University students are often forced to juggle multiple responsibilities at once: school, work, sleep and self-care, to name a few. With so many duties piling up on their schedules, it can be near-impossible for students to keep up their grades while maintaining a job, a social life and their own wellbeing. It’s situations like this that make one think that professors at Portland State, as well as at other universities, should have more flexible policies on assignment deadlines in order to account for this reality.
Yes, juggling school and life responsibilities is part of being a college student. But with the pressure of assignment deadlines, many students are not able to put in time to relax, which is vitally important for their long-term health. If students are not able to turn their brains off every so often, their education will suffer and the homework that professors assign may end up doing more harm than good.
Education scholar Denise Pope, Ph.D., found that “students in high-achieving communities who spend too much time on homework experience more stress, physical health problems, a lack of balance and even alienation from society,” according to a 2014 article from Stanford News. “More than two hours of homework a night may be counterproductive,” Dr. Pope found. According to a study Dr. Pope co-authored in the Journal of Experimental Education, 56% of students surveyed considered homework a “primary source of stress,” and many said that homework pressure contributed to long-term health problems like sleep deprivation, headaches and exhaustion. Perhaps the most concerning finding is that students in high-homework environments were “more likely to drop activities, not see friends or family, and not pursue hobbies they enjoy.”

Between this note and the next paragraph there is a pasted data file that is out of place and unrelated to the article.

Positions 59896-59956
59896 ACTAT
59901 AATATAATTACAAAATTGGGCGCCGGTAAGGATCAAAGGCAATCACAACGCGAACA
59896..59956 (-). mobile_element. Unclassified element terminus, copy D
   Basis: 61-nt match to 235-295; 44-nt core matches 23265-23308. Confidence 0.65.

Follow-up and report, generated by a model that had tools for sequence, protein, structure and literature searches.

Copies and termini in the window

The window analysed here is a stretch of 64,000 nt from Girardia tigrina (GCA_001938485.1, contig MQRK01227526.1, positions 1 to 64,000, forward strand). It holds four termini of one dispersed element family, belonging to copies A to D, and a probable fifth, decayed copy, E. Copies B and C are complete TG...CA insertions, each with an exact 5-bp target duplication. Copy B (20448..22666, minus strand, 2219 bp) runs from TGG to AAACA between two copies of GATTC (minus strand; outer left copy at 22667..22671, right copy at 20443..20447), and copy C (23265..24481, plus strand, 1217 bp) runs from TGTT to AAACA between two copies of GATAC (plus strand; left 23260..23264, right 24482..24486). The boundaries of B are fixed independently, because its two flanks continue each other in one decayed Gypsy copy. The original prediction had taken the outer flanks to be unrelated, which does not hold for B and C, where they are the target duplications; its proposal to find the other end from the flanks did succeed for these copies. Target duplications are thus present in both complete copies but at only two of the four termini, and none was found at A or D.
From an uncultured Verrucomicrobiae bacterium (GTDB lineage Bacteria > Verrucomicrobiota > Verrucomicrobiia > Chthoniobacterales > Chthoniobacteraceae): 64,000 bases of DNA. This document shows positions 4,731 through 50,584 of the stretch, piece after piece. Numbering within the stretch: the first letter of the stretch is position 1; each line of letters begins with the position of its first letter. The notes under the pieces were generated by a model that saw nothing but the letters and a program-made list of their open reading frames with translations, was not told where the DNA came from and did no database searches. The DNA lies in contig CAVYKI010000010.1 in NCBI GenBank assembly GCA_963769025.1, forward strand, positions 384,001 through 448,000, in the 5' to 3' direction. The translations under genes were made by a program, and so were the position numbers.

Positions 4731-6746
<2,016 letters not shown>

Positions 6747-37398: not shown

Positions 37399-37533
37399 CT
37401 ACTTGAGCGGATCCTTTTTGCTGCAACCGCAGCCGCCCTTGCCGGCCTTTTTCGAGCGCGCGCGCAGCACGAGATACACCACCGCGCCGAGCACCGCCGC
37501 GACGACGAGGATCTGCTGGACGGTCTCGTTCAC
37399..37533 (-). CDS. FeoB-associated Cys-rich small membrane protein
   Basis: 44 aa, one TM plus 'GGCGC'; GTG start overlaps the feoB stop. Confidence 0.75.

Additionally, many students have jobs in order to pay for college in the first place. Researchers from HSBC, a bank and financial services company, found that 85% of college students in the United States work paid jobs, 57% of students work out of financial necessity and 37% of students search for jobs to improve their chances in the post-college job market, as Kalysa To of The Daily Bruin reported. “The study also found students spend about 4.2 hours a day working on average, compared to 2.3 hours a day in class, 2.8 hours studying at home and 1.5 hours visiting the library,” To wrote.
Every student also has the need to partake in self-care. “In a society in which people are expected to work long hours and pass on vacation days,” we have a societal tendency to devalue self-care, reported Matthew Glowiak, Ph.D., for the Southern New Hampshire University newsroom. In our culture, he wrote, “there is an underlying belief that we must always be productive—which can ultimately take away from opportunities for self-care. But by taking some time out to engage in self-care, you may relieve the pressures of everyday life and reset yourself to get back to a healthy point where productivity is once again maximized.” Crucially, Dr. Glowiak wrote, “the single most common reason people give for not participating in self-care is due to a lack of time.”
For all these reasons, professors should give students more time to complete assignments, or perhaps assign less work overall. If students had more time to finish their homework—and if professors had a more lenient due date policy that gave more consideration to students’ work schedules, social lives and stress levels—then incidents of burnout would likely decrease, and students would likely have a healthier level of school-related stress to handle.
After all, professors have the ability to give more time on assignments—they should think about assignments from the students’ point of view and be a little more lenient. Professors should work with their students to find an amount of homework for students with jobs, social lives and other classes that can be finished in a reasonable amount of time in order to sustain a healthy school-work-life balance.